District 196 students prepare for ACT testing in April
Correction: This story originally stated that the ACT is a required tests for Minnesota students to take for graduation. This was incorrect. The ACT is optional for students, but schools are required to offer it each year. The story has been changed to reflect this information. We apologize for the error.
On Wednesday, April 19, high school juniors across the state of Minnesota will have the opportunity to take the ACT, the third year the test is being offered in schools for all students.
On Monday, March 20, Rosemount High School Principal John Wollersheim and Eagan High School Assistant Principal Steve Thompson gave an overview of the district’s preparations for the ACT to the District 196 School Board.
Minnesota is one of 18 states that offers the ACT to all high school students. In 2016, around 64,000 students — nearly every junior in the state — completed the exam. The ACT is required for admission to most colleges and universities.
“We want to get every student possible to take the ACT,” Superintendent Jane Berenz said. “Some kids may not want to or not understand the importance, so anything we can do to take away those barriers for students attending college.”
In 2016, the national average on the ACT was 20.8 out of a possible 36 points. The state average was 21.1, while the District 196 average was 23.0.
“District 196 is now and has in the past been pulling up the state average,” Wollersheim said.
The ACT is designed to measure general education development in high school, and assess how likely students are to succeed in college. It has become a popular college entrance requirement because it’s a more consistent way to compare students than GPA or class rank, Thompson said.
The ACT includes four sections — English, math, reading and science — and is scored out of a total of 36 possible points. There is also an optional writing section where students are scored on an essay.
Students can also use their ACT scores in scholarship applications, college course placements, and evaluating possible career pathways, Thompson said.
District teachers and administrators also use data from the ACT to improve student learning. Teachers have been making an effort to be sure curriculum and standards are in place to help students succeed, and have been offering additional prep courses during school hours, Wollersheim said.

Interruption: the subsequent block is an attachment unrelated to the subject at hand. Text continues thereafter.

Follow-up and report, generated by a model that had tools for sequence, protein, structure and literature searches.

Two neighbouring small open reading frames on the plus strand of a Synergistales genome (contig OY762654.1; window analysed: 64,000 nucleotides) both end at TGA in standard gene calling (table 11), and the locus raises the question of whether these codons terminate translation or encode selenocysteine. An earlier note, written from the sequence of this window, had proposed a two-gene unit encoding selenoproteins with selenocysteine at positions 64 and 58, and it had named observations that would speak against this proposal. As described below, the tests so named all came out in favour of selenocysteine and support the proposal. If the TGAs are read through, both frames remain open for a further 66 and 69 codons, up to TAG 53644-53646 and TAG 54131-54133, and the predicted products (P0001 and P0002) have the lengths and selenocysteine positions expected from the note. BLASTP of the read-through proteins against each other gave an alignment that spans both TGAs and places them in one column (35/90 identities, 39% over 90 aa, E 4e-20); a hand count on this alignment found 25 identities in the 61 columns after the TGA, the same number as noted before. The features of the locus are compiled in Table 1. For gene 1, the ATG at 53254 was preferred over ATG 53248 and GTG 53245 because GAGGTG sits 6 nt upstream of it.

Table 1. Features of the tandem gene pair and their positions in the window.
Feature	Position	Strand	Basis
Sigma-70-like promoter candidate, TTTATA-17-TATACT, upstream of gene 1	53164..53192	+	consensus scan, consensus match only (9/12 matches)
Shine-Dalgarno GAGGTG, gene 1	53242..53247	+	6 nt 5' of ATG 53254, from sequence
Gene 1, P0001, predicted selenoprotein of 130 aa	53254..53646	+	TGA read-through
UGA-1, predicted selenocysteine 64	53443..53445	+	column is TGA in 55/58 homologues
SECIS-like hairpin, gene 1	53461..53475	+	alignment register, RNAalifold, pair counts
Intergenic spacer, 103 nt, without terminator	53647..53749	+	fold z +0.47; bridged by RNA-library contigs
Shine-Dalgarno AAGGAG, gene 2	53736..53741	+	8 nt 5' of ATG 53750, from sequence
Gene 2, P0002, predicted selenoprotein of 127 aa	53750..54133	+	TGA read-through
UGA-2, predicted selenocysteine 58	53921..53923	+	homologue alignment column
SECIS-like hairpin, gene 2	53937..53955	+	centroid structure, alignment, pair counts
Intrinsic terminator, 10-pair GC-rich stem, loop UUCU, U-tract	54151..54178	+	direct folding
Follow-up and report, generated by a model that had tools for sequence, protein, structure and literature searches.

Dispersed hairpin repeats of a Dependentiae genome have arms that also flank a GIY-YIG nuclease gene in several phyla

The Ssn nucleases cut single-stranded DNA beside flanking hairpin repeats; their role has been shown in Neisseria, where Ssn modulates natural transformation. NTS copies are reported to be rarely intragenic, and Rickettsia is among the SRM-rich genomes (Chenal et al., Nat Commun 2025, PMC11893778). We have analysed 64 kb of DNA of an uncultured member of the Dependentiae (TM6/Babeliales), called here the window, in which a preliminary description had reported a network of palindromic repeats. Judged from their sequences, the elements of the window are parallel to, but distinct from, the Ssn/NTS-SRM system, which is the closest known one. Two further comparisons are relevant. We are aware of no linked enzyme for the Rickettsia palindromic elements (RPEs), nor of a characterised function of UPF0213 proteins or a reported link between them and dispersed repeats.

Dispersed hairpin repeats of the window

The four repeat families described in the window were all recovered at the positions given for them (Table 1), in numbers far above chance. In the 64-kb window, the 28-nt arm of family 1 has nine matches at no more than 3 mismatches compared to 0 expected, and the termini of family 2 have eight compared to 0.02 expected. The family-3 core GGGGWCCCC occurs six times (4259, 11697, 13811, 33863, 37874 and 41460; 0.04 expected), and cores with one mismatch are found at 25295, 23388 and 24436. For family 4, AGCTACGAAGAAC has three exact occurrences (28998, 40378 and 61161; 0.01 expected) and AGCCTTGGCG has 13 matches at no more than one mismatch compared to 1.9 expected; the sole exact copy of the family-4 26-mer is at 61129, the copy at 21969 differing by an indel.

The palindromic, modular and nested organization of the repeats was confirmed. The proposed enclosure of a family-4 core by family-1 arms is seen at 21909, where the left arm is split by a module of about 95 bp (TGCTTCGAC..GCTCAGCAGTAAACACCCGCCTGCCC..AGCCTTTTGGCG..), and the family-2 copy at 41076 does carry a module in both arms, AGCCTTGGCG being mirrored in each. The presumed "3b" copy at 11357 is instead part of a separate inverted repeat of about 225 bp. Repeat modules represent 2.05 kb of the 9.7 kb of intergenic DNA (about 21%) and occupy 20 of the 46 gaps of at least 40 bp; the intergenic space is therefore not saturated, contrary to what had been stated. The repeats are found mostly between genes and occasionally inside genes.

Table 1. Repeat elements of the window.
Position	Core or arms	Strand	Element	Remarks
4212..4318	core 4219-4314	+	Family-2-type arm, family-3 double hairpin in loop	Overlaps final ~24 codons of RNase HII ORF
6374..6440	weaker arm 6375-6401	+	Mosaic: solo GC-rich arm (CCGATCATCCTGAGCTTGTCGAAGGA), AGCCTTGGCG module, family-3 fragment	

Going forward, the district is considering whether to offer a school-wide ACT practice tests for 10th-graders, and whether to add even more ACT prep classes into the high school curriculum, Wollersheim said.
“I think we’re teaching to help students perform as well as possible on the ACT and other state exams,” said Wollersheim.
Offering an ACT practice test to all sophomores on the same day juniors take the ACT would create some challenges, but is also under consideration, Berenz said.
“We’ll figure it out … but it’s a logistical as well as cost issue,” said Berenz.
District purchases land for transportation hub
The District 196 School Board approved an agreement to purchase approximately 12 acres of land near the intersection of County Road 42 and Johnny Cake Ridge Road in Apple Valley from Scannell Properties for $3.1 million.
The land will be used to build a second transportation hub, which district officials believe would save approximately $500,000 annually in transportation costs.
Jeff Solomon, director of finance and operations, told the board that plans for the transportation hub have been in the works since 2013. In 2014, the district received special legislative authority to use levy funding for land purchase and construction for the transportation hub.
In August 2014, the district identified a piece of land in Apple Valley that would be a good fit and negotiated a purchase agreement with the landowner. But in 2015, the city of Apple Valley denied the district's application for development on the parcel.
The new site, referred to as the Menards/Hansen site, is still within the area the district identified for the transportation hub, and the city of Apple Valley has indicated they support development on the site, Solomon said.
Capital purchases approved
On Monday, the school board approved two significant capital purchases that are being funded as part of the district's 2015 bond referendum.
The board approved approximately $791,000 for furniture at East Lake Elementary School, scheduled to open in the fall of 2017. The total includes furniture for all classrooms, special learning areas, computer labs, conference rooms, the cafeteria, the front office and the staff break room.
The district will purchase furniture from Central Minnesota Educational Research and Development Council and Northeast Metro 916 joint purchasing agreements through Innovative Office Solutions and Intereum.
The board also accepted a bid of $1.16 million from Matrix Communications to replace the district's telephone system. The current system was last updated in 2005, and is no longer supported by the manufacturer. The district received seven bids from qualified vendors that were reviewed in February.